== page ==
The article for this week, by Cupples and Thompson (2010), discusses cell phone technologies and how they interplay with teenage social relationships. The impact of cell phone convergence on ‘dating and participation in the heterosexual economy’ is explored, including how this communication affects the gender identity of teenage girls (Cupples & Thompson 2010, pg 2).
The article identifies that text messaging in the early stages of the relationship allows for the avoidance of awkward silences (Cupples & Thompson 2010). In addition, texting is a form of status indicator; if you are sending and receiving texts, you know that you are part of a social network, and more importantly others know too (Cupples & Thompson 2010). The use of text messaging is also important for maintaining gender roles within social relationships. Cupples & Thompson determined that texting allows teenage girls to show interest in the opposite sex without impacting on the masculinity of the boy. It also allows them to ‘preserve dominant feminine understandings of themselves’ even though they are undermining these understandings by expressing their interests via text (Cupples & Thompson 2010, pg 8).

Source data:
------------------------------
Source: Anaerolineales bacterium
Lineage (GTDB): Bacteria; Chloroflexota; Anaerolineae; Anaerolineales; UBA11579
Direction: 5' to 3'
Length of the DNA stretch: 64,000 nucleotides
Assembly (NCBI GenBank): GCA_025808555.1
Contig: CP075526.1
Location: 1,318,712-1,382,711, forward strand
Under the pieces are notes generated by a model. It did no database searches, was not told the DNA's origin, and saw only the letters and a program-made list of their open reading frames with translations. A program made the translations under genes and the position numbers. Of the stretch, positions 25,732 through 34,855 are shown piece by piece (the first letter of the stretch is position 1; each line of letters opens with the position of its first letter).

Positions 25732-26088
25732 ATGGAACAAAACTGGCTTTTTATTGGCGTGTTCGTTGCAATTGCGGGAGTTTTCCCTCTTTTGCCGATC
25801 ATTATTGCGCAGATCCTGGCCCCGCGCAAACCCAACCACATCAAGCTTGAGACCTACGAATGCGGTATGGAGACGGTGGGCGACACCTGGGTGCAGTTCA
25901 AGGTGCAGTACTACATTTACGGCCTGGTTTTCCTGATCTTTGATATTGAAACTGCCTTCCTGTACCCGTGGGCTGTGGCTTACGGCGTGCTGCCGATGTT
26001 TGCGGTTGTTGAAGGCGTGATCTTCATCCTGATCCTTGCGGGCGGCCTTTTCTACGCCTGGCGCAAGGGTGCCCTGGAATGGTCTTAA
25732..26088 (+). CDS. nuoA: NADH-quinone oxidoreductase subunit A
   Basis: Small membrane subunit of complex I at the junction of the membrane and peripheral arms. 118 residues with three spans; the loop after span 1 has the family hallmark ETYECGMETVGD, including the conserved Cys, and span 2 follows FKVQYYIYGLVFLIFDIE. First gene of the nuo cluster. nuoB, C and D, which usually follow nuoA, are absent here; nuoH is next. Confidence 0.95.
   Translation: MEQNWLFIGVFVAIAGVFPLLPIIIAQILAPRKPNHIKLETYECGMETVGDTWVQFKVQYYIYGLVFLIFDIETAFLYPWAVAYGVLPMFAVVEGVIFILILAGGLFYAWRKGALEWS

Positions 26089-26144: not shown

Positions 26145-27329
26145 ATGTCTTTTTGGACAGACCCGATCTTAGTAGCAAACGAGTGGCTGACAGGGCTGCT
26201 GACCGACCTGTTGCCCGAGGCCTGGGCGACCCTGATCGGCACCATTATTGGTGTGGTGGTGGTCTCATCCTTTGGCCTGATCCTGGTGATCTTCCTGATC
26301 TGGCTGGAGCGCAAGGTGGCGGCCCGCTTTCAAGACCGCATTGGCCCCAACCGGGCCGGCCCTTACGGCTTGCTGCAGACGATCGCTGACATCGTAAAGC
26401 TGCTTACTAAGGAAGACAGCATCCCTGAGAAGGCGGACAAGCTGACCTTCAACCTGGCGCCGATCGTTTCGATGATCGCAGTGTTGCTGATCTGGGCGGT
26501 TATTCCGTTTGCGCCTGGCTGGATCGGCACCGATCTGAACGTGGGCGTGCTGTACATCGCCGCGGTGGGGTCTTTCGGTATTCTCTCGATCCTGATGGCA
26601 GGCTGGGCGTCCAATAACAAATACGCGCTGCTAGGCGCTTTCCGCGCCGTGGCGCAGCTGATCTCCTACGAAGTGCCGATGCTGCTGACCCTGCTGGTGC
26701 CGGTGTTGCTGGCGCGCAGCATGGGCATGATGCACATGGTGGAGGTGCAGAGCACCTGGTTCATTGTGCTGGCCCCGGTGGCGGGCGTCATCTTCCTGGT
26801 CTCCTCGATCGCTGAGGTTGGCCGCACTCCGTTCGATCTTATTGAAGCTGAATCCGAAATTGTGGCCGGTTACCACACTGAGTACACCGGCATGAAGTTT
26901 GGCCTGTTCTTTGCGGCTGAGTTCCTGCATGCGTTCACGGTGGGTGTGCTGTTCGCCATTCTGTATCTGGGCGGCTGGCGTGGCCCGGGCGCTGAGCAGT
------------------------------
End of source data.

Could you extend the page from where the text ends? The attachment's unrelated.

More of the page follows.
However, I think an important feature of texting that must be mentioned is that teenagers are able to think about, edit and re-write a response before they reply. For example, if a boy asks a girl out on a date in a face-to-face situation, the girl is expected to reply straight away with a response; however, if she was asked via text message, she would have more time to word an appropriate response.
– Katie Challita 3663620
Cupples, J & Thompson, L 2010, ‘Heterotextuality and Digital Foreplay,’ Feminist Media Studies, vol.10, issue 1, pp1-17
Image sourced from here.